If you have anything to add, I’d love to hear it.


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*At the time of writing, on the day that BookDaily published this post, they had helpfully added a lot of spelling mistakes that weren’t in the original document I gave them… suffice to say, you can only do so much. Some marketing outcomes will be out of your control!

Feefle, flindrikin and unbrak; cultural vocabularies to help you write

What do feefle, flindrikin and unbrak have in common? Well, they’re part of a group of over 400 different Scottish words to describe snow and it was reported recently that they’re all being compiled into a new online Scottish Thesaurus (future topics include food, drink and rain). As The Guardian reminds us, the Scots are not alone; Hawaiians have 47 different words for describing bananas, the Inuits have possibly hundreds to describe snow, and the Baniwa tribe in Brazil have 29 ways to describe edible ants.

It seems that it’s very common for cultures to assign a number of different words to describe things that are important to them and is a key indicator of cultural preferences and importance (see Adam Jacot de Boinod’s wonderful article on what vocabularies tell us about culture here). I love how the idea of language defines peoples’ characters and personalities (or is it the other way around?). If you want to blow your mind, watch Tom Scott’s amazing youtube snippet on “Fantastic Features We Don’t Have in the English Language” here. I had never thought about how when we use our verbs, we have to give a time period. The Chinese don’t apparently. Who knew?

This is all really interesting stuff and it has an obvious relation to us as writers. The idea that Eskimos have hundreds of different words for snow is now an obvious cliché (it’s even listed on wikipedia as fact) but it’s worth thinking about in terms of dialect and speech. If you are writing about specific cultures, make sure you’re aware of the differences in language between them. If I was writing about the English for instance, I’d probably mention the rain…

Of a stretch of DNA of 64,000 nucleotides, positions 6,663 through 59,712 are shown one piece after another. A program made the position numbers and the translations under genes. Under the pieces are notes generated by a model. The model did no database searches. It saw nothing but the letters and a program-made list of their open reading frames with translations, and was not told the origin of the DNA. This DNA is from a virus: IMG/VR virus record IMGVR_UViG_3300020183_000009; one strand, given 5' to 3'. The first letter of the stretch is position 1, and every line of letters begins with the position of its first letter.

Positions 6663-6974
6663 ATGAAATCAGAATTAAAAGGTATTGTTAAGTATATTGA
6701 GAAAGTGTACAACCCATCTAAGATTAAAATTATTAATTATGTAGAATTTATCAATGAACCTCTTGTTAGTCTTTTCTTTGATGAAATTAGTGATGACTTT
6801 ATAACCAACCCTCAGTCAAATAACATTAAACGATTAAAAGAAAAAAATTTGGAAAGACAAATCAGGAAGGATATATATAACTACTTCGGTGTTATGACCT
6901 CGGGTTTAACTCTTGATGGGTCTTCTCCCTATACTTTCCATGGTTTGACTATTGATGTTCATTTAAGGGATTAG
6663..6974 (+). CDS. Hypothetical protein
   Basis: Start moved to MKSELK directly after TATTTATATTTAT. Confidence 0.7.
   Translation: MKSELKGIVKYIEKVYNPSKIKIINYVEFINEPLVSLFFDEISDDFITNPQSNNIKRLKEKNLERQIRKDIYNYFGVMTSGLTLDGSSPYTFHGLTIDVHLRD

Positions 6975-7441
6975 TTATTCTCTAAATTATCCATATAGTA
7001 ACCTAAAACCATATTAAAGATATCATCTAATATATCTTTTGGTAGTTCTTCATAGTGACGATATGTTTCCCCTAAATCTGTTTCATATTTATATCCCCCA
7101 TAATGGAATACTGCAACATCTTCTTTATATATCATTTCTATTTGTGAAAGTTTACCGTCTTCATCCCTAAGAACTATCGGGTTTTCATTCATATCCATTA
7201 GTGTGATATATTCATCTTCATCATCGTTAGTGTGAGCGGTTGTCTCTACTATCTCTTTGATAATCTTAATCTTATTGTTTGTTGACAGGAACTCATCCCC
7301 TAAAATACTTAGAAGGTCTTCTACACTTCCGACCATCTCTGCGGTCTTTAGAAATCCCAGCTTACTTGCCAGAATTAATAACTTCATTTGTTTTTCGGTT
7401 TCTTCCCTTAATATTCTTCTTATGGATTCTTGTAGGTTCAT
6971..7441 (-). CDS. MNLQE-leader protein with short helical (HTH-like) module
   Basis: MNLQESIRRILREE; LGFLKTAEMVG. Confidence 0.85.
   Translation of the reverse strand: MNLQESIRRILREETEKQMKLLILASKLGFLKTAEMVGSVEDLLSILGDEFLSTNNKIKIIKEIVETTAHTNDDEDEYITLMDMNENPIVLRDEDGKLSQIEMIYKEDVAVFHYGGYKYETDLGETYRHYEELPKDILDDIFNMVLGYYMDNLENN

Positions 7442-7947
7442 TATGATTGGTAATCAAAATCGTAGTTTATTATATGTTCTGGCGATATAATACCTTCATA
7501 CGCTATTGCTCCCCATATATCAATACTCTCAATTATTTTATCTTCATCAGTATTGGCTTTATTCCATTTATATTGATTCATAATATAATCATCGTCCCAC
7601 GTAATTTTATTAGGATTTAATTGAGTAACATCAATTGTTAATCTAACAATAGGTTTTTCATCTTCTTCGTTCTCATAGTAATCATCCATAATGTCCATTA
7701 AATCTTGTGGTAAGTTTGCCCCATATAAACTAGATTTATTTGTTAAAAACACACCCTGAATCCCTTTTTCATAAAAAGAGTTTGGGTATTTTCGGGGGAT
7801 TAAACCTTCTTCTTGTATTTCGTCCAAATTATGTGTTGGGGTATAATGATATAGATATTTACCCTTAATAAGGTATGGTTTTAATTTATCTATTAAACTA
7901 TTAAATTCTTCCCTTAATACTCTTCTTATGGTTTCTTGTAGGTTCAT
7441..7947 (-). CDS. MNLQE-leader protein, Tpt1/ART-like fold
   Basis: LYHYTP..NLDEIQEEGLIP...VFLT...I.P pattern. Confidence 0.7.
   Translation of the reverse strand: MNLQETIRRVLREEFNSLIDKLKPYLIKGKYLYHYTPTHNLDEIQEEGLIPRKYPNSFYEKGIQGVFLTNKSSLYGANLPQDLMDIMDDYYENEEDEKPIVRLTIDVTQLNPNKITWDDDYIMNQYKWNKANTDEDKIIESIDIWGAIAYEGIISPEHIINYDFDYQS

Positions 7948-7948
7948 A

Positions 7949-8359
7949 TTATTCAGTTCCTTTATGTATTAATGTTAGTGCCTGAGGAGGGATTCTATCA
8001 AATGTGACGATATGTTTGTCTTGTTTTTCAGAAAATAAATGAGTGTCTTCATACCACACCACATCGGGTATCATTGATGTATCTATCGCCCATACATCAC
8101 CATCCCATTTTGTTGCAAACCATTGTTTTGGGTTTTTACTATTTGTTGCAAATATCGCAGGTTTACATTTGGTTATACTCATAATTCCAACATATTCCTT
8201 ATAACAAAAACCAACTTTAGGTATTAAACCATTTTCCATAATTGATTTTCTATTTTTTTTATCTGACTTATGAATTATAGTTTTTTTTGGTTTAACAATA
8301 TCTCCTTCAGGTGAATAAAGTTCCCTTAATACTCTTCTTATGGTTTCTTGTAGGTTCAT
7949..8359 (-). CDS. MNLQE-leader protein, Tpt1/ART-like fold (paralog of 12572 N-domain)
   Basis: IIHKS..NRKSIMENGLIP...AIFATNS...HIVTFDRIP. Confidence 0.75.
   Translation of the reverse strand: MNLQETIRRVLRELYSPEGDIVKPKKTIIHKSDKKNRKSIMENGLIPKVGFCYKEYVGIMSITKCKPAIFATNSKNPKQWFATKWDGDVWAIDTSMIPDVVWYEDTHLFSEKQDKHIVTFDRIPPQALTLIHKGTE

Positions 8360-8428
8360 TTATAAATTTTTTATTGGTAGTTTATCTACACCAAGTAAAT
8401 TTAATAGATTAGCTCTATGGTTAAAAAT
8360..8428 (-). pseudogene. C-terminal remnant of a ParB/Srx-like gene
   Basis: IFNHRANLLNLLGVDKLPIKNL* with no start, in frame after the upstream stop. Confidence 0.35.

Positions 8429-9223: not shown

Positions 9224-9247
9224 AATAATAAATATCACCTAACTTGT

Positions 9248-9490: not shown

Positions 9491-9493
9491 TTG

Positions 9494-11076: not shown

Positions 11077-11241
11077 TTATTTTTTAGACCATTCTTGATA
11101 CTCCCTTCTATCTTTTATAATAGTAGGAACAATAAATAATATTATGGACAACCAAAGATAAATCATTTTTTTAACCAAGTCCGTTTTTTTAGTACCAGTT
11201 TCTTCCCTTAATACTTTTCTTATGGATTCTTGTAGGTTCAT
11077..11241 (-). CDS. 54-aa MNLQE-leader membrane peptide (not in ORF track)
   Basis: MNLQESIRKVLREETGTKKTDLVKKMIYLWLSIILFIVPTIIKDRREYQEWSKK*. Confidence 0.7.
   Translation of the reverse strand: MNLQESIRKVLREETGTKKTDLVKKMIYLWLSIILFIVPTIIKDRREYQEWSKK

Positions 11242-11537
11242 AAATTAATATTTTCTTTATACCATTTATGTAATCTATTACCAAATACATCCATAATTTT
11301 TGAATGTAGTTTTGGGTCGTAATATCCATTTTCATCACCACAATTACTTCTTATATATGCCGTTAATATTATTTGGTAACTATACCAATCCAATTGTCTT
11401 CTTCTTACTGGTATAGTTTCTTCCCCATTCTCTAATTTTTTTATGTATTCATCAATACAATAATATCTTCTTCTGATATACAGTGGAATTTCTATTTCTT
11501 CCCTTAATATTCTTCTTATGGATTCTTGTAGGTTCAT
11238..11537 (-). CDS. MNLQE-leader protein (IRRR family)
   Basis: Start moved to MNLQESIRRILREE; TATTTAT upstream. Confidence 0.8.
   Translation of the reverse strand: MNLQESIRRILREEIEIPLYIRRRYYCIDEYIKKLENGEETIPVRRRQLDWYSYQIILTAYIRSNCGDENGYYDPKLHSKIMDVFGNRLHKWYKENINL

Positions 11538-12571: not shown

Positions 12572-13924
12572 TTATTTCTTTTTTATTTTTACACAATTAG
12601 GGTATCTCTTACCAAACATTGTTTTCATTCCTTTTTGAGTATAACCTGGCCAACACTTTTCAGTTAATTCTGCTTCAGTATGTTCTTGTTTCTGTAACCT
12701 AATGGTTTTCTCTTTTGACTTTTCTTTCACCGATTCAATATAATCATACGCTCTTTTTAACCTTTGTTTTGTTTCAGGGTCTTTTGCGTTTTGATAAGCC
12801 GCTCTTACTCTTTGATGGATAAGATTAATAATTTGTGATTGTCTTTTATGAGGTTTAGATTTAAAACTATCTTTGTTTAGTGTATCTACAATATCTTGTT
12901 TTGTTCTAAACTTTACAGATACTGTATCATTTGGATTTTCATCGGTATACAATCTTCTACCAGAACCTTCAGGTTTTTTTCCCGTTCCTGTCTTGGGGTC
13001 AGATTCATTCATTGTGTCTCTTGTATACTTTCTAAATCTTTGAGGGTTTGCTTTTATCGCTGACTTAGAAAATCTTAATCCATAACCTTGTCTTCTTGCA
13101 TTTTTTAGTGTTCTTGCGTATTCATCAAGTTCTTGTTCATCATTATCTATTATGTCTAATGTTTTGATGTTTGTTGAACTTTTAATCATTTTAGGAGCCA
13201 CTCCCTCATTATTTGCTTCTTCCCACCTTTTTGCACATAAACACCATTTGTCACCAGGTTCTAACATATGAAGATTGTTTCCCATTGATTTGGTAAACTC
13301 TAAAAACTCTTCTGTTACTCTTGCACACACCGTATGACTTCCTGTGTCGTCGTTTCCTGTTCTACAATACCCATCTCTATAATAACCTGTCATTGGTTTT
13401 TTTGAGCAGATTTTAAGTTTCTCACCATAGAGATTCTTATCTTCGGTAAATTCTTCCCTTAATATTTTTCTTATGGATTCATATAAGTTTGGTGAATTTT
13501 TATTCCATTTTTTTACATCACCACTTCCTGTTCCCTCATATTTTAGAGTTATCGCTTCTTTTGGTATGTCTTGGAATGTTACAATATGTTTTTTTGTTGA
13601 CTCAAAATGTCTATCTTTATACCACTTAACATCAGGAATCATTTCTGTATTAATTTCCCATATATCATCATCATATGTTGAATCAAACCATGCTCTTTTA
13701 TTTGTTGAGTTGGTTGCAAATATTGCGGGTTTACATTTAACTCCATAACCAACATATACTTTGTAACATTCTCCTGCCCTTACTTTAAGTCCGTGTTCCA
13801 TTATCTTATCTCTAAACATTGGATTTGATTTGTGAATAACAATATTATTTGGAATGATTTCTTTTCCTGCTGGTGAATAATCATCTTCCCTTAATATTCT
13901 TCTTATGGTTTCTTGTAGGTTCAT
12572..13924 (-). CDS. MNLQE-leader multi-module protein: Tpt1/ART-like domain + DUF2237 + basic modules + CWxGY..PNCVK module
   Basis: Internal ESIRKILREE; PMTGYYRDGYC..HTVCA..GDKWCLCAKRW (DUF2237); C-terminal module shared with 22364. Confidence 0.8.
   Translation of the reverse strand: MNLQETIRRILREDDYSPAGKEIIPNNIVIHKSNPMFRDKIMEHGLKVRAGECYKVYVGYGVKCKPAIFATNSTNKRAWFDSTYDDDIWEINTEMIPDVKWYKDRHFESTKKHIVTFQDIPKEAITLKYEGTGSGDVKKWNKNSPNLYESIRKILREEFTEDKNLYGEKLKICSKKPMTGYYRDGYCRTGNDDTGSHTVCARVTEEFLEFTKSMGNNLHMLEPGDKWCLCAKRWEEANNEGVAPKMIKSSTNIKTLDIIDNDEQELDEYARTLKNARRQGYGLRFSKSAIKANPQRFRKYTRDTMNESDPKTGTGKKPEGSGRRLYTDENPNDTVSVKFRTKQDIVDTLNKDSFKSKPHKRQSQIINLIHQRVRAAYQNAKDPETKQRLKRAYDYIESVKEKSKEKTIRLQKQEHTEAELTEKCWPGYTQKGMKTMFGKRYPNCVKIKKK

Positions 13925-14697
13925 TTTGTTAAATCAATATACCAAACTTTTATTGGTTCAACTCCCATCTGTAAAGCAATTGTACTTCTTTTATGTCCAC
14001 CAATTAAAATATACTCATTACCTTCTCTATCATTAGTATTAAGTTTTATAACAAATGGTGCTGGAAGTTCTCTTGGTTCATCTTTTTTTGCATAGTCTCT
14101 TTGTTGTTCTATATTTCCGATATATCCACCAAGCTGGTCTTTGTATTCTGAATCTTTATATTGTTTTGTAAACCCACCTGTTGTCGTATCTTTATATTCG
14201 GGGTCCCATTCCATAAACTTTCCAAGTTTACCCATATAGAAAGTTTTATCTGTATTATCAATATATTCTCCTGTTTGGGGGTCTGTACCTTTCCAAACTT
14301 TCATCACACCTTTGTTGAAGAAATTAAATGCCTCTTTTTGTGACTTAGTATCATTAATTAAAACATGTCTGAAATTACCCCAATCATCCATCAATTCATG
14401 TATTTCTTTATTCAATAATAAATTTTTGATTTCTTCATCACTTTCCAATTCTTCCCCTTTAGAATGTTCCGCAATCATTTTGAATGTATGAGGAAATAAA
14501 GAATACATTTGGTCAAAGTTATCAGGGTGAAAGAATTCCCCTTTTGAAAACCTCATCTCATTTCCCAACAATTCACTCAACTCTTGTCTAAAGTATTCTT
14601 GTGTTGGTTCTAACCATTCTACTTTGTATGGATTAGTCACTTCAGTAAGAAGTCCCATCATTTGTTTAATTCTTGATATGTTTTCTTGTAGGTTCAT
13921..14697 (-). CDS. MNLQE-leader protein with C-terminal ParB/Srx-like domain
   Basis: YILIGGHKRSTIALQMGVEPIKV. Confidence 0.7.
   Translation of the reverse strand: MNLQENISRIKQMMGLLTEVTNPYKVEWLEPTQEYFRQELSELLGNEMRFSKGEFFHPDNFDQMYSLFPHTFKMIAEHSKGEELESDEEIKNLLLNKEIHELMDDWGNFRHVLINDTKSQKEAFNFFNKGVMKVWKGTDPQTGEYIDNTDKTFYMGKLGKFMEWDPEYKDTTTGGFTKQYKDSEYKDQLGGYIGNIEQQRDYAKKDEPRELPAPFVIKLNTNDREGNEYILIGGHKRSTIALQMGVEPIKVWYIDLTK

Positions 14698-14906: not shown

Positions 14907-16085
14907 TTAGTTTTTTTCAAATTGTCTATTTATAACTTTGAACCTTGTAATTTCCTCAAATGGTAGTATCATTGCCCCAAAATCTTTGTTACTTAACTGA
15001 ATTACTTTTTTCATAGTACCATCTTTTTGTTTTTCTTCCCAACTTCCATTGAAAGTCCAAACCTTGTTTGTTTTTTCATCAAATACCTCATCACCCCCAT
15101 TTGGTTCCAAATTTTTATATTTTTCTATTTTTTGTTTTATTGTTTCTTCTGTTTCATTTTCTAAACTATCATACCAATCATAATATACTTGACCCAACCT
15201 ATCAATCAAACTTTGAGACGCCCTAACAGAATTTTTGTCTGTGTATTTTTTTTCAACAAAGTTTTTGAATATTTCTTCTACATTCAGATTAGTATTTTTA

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“I feel impelled to tell you”; frequently confused words

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On a recent family holiday, my sister totally confused us all. She was adamant that we’d been using the word compel wrongly and that we actually needed to use impel. I completely forgot about it until I just read it in an Enid Blyton book with my daughter, “he felt impelled to go and look at it” where she had used it in exactly the same way that I would have used compelled. Turns out, after a bit of research, that my big sister was right.Continue Reading

Do you need to really like the main characters to enjoy a book?

I read an article recently that brought to mind something I’ve been thinking about a lot lately; do you need to like the characters very much in order to enjoy a particular story? My book, The Sham has a lot of not-very-nice girls which seems to be following a trend in YA at the moment and certainly it’s quite common in adult fiction too. I enjoyed Paula Hawkins’ The Girl on The Train precisely because the main character was so unreliable. I loved her because of her faults, not in spite of. The same for Gone Girl; while I couldn’t exactly relate to the notion of faking my own death, I still loved the book. Continue Reading